A quiet start to the Atlantic hurricane season has been all but forgotten as a powerful storm barrels toward Florida this week with the potential to hit as a catastrophic Category 4.
Current forecasting models predict Hurricane Ian will head directly toward Florida’s west coast, making landfall somewhere between Fort Myers and Tampa Bay late Wednesday into early Thursday.
On Tuesday, the storm ripped through Cuba as a Category 3 hurricane and was expected to intensify. Officials have ordered around 2.5 million people to evacuate.
The National Weather Service warned on Tuesday that life-threatening storm surge, hurricane-force winds and heavy rainfall are expected across various areas of Florida. “Residents should rush all preparations to completion today,” officials said.
Millions ordered to evacuate
Florida Gov. Ron DeSantis on Tuesday said an estimated 2.5 million people were under evacuation orders. “When you have five to 10 feet of storm surge, that is not something you want to be a part of,” he cautioned. “And Mother Nature is a very fearsome adversary.”
Jamie Rhome, acting National Hurricane Center director, said “time is really ticking” ahead of Ian making landfall in the state. “If you’re in the path of this storm and you’ve been ordered to evacuate, you really should do so. We’re really concerned about this area,” he said.
Residents in at least 18 of Florida’s 67 counties are under some form of an evacuation order. Several counties have issued both mandatory and voluntary evacuation orders for various zones.
In Hillsborough, Hernando, Pasco, Manatee, Pinellas, Sarasota, Charlotte, Citrus, Lee and Levy counties officials have issued mandatory evacuation orders. In Taylor, Highlands, Glades, Clay, Gilchrist and Collier counties, residents are under voluntary evacuation orders.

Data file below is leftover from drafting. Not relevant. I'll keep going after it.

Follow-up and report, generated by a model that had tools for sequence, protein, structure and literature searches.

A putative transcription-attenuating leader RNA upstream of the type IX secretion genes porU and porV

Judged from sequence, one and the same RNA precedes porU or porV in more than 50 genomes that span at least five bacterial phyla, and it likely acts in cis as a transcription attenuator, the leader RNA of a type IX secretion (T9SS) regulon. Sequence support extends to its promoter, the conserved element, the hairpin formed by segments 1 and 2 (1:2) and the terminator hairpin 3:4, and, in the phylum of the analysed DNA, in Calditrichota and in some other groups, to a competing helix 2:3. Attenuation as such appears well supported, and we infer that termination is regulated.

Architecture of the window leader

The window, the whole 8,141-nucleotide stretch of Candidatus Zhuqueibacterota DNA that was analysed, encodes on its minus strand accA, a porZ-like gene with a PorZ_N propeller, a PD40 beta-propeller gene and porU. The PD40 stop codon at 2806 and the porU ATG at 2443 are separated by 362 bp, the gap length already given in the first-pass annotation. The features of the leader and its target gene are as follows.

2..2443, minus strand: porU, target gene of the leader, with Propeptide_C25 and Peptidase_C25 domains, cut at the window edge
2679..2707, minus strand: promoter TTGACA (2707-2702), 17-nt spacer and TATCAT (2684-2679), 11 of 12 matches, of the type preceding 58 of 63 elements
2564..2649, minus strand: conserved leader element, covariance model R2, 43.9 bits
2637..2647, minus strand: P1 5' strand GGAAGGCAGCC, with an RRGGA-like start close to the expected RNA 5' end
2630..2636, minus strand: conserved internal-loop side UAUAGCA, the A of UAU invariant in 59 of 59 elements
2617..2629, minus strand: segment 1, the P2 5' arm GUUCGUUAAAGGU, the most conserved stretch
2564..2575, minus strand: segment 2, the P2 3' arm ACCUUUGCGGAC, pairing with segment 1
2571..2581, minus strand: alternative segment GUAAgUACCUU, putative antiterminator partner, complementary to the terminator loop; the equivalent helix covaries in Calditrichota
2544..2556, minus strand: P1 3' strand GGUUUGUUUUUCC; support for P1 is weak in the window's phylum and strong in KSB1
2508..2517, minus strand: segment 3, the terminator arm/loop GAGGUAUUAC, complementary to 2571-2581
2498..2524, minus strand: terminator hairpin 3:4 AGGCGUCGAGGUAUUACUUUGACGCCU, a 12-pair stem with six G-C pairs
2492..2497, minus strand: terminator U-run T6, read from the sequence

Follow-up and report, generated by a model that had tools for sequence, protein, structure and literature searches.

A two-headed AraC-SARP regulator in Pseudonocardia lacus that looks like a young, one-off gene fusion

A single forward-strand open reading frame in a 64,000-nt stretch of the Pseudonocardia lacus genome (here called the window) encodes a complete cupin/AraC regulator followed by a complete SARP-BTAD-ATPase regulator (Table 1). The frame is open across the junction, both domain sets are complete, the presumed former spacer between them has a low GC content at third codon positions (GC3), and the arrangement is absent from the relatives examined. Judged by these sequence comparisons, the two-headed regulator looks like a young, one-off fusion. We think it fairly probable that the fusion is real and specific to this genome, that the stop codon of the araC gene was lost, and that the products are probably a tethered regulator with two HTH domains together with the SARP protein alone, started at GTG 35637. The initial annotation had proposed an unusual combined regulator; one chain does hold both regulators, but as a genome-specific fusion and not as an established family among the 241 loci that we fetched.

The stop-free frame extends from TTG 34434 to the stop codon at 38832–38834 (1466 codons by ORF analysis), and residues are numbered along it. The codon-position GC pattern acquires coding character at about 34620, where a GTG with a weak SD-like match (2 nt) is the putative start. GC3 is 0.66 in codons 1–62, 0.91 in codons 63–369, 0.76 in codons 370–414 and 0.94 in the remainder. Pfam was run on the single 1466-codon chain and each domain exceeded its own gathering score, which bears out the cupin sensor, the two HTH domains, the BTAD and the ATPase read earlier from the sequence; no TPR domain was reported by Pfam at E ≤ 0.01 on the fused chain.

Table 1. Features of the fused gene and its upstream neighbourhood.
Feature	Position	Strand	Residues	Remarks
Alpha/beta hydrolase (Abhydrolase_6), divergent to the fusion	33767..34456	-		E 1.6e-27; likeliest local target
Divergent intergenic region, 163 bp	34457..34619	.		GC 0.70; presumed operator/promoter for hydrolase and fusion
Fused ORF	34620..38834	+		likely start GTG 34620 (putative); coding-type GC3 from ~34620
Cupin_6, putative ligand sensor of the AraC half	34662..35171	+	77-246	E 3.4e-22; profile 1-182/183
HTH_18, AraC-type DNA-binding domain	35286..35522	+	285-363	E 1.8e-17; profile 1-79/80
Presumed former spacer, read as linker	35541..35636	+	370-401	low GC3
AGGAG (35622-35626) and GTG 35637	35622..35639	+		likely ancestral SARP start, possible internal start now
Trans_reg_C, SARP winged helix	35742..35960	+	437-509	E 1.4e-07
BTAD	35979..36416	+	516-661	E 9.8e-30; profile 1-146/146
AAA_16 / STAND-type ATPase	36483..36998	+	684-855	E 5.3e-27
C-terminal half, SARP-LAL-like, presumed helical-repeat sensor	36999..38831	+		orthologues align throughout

In Putnam County, it was recommended residents living in low-lying areas that are prone to flooding should evacuate.
St. Johns County ordered evacuations to start at 6 a.m. ET on Wednesday morning.
Authorities warn that those living in mobile or manufactured homes in vulnerable areas should evacuate — even if they are not located in an evacuation area. More detailed information on evacuation orders issued this week can be found at FloridaDisaster.org.
DeSantis announced that Visit Florida, the state’s tourism marketing group, has activated its emergency accommodations module with Expedia that helps state residents and visitors find hotels and lodging.
Shelters throughout Florida have started to open their doors ahead of Hurricane Ian. The state offers two types of shelters: general population and special needs. Here’s a list of shelters available by county. Double check to see if they are pet-friendly and remember to try to bring your own bed linens, hygiene items and personal medication.
Additionally, the Talladega Superspeedway in Alabama announced that starting Wednesday morning, anyone evacuating the storm will have access to a portion of the motorsports complex’s campground for free.
— Talladega Superspeedway (@TALLADEGA) September 27, 2022
The Insurance Information Institute created a list of some important items to bring along while evacuating, such as bottled water, clothing and bedding, prescriptions, first aid kits and important documents.
Emergency services available
Because DeSantis declared a state of emergency due to the impending storm, Floridians can — according to state law — fill their prescriptions early, in case pharmacies are temporarily shut down.
While some hospitals and nursing homes are evacuating patients, several of the major hospitals are staying open, including Tampa General and John Hopkins All Children’s in St. Petersburg. Both hospitals have, however, suspended elective and noncritical surgeries.
Additionally, most Veterans Affairs health clinics in vulnerable areas are closing this week but some will remain open.
President Biden declared a federal state of emergency for multiple Florida counties, authorizing the Department of Homeland Security and the Federal Emergency Management Agency (FEMA) to coordinate disaster relief and provide assistance to protect lives and property.
Many counties across Florida are offering free sandbags to residents. Sandbags can protect homes by blocking water from entering during flooding.
Experts recommend securing your home and property ahead of a storm by trimming trees, installing storm shutters and moving outdoor furniture to a safe place. According to FEMA, old garage doors should be replaced, and outside wall openings like electrical outlets and vents should be sealed with caulk to prevent water from getting through.
Cover thumbnail photo: Phelan M. Ebenhack/AP